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dc.contributor.advisorWeiler, Stephan
dc.contributor.authorRasmussen, Jorgen August Skriver
dc.contributor.committeememberPena, Anita Alves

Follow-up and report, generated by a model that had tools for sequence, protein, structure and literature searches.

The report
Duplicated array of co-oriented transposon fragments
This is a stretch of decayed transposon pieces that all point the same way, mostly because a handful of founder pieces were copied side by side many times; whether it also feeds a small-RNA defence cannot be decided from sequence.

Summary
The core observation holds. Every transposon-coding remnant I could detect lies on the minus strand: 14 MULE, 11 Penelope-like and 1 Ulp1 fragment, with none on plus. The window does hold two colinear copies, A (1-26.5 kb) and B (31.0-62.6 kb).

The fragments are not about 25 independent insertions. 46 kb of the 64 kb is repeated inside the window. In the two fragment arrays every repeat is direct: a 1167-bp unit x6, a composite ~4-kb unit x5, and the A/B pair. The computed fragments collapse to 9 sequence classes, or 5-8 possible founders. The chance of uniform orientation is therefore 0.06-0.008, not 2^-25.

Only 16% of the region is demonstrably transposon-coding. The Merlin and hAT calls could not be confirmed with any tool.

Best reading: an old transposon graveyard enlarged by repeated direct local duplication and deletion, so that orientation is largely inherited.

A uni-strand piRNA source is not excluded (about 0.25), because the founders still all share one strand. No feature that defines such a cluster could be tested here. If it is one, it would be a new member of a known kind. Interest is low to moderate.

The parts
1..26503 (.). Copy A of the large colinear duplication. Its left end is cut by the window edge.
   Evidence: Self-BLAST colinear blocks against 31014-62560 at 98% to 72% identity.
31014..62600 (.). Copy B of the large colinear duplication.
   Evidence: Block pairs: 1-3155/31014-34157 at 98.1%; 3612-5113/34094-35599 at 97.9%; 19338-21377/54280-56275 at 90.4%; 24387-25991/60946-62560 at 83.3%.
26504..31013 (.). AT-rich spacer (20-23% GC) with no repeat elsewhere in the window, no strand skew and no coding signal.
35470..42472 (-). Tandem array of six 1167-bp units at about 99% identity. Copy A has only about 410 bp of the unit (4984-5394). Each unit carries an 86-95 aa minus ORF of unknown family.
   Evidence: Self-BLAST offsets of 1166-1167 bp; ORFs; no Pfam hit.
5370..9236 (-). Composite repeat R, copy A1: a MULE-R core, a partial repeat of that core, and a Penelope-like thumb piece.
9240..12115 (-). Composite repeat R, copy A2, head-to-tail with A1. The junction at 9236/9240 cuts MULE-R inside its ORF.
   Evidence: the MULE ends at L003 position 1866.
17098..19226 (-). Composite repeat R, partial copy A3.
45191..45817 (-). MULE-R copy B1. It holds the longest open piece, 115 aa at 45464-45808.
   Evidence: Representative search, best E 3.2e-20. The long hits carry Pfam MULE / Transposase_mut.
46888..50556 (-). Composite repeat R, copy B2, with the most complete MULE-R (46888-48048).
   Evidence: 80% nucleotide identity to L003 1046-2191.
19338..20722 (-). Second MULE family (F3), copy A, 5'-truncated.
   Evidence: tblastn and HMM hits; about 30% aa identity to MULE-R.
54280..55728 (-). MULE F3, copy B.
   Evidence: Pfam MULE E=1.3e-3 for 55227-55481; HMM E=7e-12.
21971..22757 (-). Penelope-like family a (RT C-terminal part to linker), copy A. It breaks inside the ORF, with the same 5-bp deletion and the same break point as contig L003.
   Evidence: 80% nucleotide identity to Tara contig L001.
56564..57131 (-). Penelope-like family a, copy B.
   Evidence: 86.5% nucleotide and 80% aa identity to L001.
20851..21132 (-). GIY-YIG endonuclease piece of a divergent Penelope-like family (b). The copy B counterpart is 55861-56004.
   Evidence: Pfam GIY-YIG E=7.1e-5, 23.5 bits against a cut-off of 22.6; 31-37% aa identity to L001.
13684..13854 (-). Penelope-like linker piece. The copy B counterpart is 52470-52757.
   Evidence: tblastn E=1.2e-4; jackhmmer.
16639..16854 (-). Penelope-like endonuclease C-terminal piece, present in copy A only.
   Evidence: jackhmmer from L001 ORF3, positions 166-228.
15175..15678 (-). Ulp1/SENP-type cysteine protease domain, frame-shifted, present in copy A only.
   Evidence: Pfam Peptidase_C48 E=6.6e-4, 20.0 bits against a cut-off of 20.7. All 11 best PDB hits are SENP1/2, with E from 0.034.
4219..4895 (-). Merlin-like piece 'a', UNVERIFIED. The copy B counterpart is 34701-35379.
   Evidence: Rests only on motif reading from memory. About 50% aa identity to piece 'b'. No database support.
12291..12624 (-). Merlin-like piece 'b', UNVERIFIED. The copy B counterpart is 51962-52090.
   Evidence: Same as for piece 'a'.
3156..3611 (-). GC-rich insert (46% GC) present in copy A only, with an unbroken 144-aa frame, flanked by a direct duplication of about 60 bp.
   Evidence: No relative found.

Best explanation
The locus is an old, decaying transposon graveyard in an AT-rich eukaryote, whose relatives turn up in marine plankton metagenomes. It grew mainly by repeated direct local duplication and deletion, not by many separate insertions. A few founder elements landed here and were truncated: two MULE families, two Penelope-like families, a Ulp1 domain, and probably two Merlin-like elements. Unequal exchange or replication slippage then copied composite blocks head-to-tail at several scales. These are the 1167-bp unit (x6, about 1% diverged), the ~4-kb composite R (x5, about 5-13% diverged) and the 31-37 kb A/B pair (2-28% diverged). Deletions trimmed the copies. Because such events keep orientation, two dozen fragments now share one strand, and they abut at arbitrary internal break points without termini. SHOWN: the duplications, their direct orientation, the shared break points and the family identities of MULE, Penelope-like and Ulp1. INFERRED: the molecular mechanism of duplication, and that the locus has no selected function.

dc.contributor.committeememberPressman, Steven
dc.contributor.committeememberSchaller, Zachary
dc.contributor.committeememberBurkhardt, Jesse
dc.date.accessioned2023-01-21T01:25:42Z
dc.date.available2025-01-09T01:25:42Z
dc.date.issued2022
dc.descriptionIncludes bibliographical references.
dc.description2022 Fall.